cover image The Forever Prisoner: The Full and Searing Account of the CIA’s Most Controversial Covert Program

The Forever Prisoner: The Full and Searing Account of the CIA’s Most Controversial Covert Program

Cathy Scott-Clark and Adrian Levy. Atlantic Monthly, $30 (464p) ISBN 978-0-8021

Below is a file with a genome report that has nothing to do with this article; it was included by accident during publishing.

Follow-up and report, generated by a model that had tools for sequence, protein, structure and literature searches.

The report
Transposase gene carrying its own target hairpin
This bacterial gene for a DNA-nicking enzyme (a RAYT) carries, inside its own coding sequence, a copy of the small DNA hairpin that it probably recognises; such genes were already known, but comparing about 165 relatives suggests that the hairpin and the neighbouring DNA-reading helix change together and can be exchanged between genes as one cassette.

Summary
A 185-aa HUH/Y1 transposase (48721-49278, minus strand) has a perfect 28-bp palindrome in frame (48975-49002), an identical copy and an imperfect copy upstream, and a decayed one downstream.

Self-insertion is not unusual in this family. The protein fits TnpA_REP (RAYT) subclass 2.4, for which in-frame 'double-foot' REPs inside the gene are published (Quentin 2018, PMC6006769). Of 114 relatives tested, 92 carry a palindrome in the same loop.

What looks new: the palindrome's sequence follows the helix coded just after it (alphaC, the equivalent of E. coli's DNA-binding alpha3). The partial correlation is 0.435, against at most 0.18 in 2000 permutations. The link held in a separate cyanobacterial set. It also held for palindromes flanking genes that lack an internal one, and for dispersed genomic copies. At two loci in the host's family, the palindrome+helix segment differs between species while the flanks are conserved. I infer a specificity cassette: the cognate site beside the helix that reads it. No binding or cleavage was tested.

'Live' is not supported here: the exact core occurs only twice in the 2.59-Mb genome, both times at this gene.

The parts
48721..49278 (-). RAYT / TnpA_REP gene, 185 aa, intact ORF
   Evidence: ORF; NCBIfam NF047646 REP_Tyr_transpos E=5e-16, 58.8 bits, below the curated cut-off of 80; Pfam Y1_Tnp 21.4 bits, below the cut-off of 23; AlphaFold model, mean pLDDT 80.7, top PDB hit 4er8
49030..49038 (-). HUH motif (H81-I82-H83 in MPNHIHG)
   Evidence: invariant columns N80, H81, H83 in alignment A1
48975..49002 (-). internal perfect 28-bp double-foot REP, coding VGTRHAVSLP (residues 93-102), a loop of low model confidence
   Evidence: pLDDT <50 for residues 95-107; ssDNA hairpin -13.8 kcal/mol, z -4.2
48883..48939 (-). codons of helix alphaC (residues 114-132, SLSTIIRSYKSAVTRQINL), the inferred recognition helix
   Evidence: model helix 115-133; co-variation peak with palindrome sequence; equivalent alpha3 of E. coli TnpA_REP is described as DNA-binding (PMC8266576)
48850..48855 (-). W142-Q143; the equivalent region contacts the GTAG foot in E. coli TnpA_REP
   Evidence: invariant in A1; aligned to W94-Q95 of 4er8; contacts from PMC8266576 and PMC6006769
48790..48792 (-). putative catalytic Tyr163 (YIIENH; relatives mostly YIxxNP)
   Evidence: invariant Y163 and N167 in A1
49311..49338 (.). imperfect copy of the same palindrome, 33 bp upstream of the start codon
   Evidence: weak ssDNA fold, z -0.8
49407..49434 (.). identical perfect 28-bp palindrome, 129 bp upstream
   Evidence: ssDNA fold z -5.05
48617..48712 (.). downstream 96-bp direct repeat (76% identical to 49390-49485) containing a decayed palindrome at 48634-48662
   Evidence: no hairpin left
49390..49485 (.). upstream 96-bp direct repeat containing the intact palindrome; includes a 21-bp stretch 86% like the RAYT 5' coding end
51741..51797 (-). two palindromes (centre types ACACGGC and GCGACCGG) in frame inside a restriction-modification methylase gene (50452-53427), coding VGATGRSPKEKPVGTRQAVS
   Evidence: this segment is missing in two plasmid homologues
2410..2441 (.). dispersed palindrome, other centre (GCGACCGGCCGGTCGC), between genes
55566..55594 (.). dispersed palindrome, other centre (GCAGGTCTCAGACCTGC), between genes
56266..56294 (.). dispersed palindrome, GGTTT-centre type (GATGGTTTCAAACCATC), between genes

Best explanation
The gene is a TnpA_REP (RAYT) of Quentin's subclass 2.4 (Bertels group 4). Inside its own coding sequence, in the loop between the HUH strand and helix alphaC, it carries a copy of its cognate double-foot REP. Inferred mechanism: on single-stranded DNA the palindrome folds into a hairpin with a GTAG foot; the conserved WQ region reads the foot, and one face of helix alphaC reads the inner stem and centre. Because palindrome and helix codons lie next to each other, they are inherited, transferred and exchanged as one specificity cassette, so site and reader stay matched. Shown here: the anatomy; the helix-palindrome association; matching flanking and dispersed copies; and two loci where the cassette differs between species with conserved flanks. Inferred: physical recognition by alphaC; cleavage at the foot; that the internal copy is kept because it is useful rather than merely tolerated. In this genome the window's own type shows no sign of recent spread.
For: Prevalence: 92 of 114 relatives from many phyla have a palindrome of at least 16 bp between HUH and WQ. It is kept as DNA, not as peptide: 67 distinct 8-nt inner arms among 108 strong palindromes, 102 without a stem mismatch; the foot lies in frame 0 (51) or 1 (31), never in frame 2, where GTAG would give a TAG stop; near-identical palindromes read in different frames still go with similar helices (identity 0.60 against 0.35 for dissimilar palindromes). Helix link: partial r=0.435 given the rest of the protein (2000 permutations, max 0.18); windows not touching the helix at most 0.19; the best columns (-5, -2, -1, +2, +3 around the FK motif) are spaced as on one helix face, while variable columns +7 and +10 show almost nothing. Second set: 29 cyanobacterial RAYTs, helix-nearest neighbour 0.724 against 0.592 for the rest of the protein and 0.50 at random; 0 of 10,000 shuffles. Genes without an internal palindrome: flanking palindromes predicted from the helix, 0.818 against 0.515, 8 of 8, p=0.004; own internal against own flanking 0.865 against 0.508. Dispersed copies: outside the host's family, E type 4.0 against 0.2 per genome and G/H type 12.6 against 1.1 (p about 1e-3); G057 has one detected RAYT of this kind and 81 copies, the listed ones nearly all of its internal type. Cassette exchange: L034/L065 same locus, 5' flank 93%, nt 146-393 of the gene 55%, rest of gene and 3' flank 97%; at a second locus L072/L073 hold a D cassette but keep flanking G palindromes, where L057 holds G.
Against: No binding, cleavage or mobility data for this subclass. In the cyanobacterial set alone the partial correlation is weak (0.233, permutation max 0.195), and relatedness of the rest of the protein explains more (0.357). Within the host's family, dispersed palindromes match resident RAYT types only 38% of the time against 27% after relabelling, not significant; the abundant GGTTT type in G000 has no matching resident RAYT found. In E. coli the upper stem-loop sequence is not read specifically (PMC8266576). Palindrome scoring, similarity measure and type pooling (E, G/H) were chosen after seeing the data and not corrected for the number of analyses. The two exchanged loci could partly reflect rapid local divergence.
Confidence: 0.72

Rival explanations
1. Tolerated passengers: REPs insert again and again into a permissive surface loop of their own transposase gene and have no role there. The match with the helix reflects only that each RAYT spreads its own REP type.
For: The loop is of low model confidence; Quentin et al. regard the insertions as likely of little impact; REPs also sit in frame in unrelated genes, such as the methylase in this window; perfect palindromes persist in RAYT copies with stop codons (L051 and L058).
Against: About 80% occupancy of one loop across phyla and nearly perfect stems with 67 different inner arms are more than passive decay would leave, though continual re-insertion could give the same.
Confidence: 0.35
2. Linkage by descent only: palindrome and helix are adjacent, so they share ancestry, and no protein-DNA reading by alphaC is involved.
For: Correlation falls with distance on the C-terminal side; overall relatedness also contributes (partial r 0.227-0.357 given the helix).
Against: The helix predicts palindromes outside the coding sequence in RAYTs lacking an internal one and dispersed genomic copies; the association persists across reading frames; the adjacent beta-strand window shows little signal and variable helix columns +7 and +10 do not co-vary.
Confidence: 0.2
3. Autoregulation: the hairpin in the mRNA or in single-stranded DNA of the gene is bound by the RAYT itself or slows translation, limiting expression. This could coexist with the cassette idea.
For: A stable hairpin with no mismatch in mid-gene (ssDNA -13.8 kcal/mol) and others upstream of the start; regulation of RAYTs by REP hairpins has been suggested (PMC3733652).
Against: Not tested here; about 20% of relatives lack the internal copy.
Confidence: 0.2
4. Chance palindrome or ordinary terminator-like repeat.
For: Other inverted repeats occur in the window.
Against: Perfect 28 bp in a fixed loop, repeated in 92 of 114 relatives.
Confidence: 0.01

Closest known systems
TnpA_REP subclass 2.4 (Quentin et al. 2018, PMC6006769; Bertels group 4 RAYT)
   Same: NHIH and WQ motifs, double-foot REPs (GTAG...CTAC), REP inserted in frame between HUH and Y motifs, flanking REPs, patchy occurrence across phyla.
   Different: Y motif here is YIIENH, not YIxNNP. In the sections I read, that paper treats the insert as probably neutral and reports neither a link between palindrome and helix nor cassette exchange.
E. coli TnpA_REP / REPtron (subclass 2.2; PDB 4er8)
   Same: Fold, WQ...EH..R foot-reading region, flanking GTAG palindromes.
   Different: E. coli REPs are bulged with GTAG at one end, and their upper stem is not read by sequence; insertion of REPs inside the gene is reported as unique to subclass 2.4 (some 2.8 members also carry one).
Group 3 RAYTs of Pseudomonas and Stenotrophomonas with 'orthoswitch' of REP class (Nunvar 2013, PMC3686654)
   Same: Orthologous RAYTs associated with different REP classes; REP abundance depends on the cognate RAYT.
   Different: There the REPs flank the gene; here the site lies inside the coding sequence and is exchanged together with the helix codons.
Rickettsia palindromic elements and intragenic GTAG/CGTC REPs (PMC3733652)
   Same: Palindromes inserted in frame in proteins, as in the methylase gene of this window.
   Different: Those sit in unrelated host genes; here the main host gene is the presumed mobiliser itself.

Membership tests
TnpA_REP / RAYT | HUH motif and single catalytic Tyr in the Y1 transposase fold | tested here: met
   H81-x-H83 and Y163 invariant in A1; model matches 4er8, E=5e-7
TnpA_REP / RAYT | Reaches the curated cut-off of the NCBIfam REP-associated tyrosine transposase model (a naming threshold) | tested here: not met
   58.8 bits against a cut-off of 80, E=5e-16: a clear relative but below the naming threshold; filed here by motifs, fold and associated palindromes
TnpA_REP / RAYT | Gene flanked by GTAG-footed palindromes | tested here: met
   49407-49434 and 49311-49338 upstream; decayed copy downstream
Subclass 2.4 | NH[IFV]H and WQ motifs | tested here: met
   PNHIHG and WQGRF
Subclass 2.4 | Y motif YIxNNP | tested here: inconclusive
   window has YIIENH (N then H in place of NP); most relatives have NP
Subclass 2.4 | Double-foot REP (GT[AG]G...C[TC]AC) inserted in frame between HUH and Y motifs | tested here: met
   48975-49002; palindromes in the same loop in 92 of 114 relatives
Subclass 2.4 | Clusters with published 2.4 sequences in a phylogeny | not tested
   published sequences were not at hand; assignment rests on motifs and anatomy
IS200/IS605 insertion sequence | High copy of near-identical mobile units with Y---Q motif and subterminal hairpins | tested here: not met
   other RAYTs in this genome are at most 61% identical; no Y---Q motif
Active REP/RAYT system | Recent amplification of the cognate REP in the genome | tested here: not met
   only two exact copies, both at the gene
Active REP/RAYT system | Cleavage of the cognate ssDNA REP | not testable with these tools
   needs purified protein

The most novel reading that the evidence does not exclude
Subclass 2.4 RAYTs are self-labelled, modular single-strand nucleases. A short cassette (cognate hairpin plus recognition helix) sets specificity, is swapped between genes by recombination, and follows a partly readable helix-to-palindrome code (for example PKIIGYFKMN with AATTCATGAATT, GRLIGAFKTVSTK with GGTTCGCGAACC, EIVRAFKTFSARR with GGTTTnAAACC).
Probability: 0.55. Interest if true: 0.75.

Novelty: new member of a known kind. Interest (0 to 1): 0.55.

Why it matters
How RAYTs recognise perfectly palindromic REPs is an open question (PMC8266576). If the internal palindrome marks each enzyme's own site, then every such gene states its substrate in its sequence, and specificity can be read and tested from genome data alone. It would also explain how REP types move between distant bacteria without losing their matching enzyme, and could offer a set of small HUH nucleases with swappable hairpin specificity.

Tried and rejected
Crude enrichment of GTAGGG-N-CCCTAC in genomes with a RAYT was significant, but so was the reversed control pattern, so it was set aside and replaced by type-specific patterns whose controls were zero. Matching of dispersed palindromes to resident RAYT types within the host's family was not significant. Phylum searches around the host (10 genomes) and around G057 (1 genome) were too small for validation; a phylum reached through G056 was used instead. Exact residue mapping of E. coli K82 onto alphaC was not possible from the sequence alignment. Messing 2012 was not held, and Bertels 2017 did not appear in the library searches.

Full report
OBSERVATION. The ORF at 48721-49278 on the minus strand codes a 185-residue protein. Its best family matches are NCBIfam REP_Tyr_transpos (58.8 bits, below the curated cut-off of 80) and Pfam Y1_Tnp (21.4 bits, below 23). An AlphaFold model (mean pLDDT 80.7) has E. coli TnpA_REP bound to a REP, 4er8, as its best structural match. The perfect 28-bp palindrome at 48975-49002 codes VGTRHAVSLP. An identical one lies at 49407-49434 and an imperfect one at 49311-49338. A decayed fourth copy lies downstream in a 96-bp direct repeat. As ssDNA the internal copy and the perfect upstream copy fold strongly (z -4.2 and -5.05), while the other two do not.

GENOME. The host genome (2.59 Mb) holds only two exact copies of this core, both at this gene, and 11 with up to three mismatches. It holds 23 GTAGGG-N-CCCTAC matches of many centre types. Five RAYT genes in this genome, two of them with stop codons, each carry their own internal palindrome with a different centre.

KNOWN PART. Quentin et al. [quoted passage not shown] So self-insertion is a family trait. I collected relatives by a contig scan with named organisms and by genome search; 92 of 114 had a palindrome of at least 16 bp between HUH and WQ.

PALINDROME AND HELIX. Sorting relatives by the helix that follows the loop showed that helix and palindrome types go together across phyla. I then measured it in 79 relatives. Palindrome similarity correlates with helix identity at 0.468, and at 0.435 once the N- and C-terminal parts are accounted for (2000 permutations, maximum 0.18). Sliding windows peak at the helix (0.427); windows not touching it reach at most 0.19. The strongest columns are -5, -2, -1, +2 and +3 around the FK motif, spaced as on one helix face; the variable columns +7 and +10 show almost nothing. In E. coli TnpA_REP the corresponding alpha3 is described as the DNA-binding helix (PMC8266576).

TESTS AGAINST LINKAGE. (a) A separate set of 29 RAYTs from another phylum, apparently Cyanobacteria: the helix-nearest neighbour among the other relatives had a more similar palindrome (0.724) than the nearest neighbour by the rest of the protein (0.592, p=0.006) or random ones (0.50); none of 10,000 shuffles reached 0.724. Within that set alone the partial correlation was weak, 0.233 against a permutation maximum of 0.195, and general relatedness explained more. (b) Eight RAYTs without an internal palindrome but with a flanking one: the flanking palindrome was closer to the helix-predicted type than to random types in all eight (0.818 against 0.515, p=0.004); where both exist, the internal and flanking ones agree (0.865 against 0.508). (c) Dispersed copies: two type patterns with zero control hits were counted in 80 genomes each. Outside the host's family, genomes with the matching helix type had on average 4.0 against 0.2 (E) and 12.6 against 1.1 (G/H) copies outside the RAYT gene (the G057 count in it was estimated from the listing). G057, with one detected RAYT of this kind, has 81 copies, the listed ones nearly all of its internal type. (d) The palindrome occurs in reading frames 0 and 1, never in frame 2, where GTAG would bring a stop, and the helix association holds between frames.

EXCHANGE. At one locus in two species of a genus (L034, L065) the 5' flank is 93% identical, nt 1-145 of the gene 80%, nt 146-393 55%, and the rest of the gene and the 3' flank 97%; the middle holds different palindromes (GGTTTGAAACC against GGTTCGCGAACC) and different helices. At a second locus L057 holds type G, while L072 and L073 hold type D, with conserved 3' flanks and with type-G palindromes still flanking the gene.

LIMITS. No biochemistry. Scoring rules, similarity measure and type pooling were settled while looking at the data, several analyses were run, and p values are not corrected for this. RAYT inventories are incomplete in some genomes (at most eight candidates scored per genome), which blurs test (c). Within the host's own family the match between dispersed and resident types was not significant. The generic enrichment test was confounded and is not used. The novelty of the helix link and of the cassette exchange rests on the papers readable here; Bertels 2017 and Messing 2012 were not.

Journalists Scott-Clark and Levy (The Exile) chronicle the CIA’s post-9/11 torture program in this disturbing and deeply reported history. Spotlighting Zayn-al-Abidin Abu Zubaydah, a mid-level Saudi jihadi who was falsely accused of being a top al-Qaeda leader, arrested in Pakistan in March 2002, and transferred to Guantánamo Bay in 2006, where he still remains, despite never being charged with a crime, the authors describe how CIA operatives devised a set of “enhanced interrogation techniques” that included waterboarding, sleep deprivation, and confinement in coffin-size boxes. Carried out in secret prisons around the world, these and other punishments were made permissible by a thin veneer of legality scripted by the George W. Bush administration. Using extensive interviews with interrogators, testimony from secret hearings, and classified documents made public through FOIA lawsuits, the authors chart the downward spiral of the first legally authorized torture program in American history and persuasively dispute CIA claims that enhanced interrogation was “tough but necessary.” Though the excruciatingly detailed interrogations of Abu Zubaydah and other prisoners, some of whom died while being questioned, become nearly indistinguishable, this is a crucial record of how the U.S. government betrayed its ideals to wage the war on terror. (Apr.)